Water-in-oil (W/O) nanoemulsions stabilized by phospholipids (PLs) are increasingly exploited in a wide spectrum of applications, from pharmaceuticals to food and cosmetic formulations. In this work, we report the design and optimization of an innovative emulsion based on a mixture of phosphoethanolamine (PE) and phosphoglycerol (PG) PLs, inspired by the composition of the inner leaflet of a bacterial outer membrane. Using the natural oil squalene as the continuous organic phase, no additional emulsion stabilizer is needed. On the other hand, a small amount of Span 80 is required when dodecane is used. The obtained nanoemulsions are stable for at least two hours, thus allowing the droplet size and distribution to be characterized by Dynamic Light Scattering (DLS) and the lipid layer structure and dynamics to be analyzed by Electron Paramagnetic Resonance (EPR) spectroscopy. The results indicate that squalene shallowly intercalates among the lipid tail termini, being unable to deeply penetrate the adsorbed lipid monolayer. The altered lipid dynamics are proposed to be the reason for the enhanced emulsion stability, this paving the way to future implementations and possible applications.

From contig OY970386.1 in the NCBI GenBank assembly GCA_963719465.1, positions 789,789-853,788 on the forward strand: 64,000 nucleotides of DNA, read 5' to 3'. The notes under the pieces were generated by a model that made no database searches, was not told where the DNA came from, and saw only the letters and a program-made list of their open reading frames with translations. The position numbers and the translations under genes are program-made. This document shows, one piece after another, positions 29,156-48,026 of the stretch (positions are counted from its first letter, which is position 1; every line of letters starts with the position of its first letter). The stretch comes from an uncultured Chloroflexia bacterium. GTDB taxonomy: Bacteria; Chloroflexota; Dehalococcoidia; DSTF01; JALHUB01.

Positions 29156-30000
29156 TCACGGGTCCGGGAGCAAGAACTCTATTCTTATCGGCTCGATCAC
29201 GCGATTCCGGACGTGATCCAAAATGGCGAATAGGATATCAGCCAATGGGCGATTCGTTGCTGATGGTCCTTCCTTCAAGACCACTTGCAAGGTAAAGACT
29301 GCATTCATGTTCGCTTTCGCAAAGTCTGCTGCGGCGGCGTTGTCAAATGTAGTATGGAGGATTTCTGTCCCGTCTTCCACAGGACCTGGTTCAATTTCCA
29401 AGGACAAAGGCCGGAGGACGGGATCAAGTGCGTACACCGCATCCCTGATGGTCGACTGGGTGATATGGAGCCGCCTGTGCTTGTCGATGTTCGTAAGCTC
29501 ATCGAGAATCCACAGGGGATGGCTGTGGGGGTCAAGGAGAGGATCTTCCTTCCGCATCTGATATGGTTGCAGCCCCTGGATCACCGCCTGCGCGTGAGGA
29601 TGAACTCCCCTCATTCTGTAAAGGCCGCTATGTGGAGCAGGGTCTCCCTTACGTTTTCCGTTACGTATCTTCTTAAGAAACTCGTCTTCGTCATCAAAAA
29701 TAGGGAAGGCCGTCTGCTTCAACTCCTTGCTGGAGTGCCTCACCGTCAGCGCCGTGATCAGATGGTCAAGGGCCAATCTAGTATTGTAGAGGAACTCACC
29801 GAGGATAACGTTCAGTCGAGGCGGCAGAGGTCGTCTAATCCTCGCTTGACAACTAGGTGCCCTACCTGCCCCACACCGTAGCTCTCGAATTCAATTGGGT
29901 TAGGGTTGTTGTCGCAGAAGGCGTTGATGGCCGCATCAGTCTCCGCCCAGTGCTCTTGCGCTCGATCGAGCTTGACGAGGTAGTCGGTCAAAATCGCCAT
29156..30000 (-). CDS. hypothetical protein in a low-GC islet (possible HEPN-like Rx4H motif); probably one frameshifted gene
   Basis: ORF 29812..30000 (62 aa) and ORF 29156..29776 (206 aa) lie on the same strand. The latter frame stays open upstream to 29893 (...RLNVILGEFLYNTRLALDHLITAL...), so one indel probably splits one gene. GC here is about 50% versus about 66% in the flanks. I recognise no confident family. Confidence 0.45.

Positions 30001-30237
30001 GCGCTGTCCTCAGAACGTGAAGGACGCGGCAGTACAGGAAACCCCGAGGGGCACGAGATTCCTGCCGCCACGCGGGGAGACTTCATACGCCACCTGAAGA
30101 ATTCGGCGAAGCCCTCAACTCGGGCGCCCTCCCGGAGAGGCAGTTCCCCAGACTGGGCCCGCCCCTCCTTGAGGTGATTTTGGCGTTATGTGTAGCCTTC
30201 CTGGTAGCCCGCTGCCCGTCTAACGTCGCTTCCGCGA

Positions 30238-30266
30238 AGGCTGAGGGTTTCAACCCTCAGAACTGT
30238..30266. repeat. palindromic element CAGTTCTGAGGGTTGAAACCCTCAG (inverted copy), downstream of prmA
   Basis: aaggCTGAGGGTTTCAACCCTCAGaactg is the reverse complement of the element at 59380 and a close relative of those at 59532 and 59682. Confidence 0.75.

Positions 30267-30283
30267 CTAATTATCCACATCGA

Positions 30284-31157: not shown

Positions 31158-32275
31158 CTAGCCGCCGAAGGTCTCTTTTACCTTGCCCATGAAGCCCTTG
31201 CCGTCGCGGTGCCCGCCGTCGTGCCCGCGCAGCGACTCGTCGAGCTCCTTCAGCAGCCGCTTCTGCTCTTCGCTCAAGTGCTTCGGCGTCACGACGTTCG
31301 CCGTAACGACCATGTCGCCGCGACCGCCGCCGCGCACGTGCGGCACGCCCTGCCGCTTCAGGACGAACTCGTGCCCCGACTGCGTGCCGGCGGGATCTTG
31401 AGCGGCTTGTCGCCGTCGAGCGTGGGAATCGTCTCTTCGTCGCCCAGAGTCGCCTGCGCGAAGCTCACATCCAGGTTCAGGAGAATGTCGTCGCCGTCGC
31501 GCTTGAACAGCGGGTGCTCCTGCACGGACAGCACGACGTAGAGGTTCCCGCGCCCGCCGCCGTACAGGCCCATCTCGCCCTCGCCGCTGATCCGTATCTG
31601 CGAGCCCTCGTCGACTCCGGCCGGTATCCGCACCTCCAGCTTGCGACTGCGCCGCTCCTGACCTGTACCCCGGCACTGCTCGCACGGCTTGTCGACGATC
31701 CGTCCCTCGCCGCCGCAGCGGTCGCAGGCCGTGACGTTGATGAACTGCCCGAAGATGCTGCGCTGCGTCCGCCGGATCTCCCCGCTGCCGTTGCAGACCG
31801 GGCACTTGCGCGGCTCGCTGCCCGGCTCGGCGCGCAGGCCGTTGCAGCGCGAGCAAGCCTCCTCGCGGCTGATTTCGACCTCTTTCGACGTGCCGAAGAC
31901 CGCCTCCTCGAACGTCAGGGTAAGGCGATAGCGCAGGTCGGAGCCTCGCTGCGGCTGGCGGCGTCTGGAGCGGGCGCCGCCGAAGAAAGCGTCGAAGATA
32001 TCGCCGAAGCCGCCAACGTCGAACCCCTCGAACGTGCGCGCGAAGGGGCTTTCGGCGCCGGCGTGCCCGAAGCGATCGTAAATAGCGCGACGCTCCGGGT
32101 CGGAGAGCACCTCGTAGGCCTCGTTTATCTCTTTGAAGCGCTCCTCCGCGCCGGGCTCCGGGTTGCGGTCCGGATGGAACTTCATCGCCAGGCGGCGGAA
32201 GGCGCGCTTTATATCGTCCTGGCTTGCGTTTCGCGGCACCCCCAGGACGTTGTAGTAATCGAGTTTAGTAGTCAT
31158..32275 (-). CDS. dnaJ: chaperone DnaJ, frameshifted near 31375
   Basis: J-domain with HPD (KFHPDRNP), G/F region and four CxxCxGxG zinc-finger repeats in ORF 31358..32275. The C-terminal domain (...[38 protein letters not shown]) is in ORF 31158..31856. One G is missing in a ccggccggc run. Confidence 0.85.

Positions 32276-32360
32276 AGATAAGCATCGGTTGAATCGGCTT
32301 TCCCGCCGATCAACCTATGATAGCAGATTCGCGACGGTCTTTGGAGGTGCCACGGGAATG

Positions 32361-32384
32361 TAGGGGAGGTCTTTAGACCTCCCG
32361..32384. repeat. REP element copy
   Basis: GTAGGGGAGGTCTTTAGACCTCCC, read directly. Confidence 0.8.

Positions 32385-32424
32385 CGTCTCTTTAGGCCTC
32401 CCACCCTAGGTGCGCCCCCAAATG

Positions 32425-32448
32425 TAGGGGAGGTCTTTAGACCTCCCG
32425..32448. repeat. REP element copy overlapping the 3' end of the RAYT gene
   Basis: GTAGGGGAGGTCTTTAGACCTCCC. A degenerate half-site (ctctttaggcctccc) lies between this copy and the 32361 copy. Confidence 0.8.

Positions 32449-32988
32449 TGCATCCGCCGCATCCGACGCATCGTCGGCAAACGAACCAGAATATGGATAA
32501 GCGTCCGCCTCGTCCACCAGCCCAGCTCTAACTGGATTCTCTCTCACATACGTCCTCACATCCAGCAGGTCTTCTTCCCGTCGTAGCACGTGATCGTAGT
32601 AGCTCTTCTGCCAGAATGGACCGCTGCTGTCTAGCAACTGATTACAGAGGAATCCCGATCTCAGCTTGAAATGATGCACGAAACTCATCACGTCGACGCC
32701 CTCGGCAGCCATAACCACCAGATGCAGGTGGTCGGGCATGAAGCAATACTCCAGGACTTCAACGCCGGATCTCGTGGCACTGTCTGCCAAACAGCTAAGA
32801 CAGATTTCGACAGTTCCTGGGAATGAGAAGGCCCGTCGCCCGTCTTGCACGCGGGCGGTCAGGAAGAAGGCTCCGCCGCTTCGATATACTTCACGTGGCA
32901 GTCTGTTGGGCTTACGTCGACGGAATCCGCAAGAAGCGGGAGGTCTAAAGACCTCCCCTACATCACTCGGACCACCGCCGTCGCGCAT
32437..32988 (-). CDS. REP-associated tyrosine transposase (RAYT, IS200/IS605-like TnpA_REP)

Keywords: dynamic light scattering; electron paramagnetic resonance; nanoemulsion; phospholipid.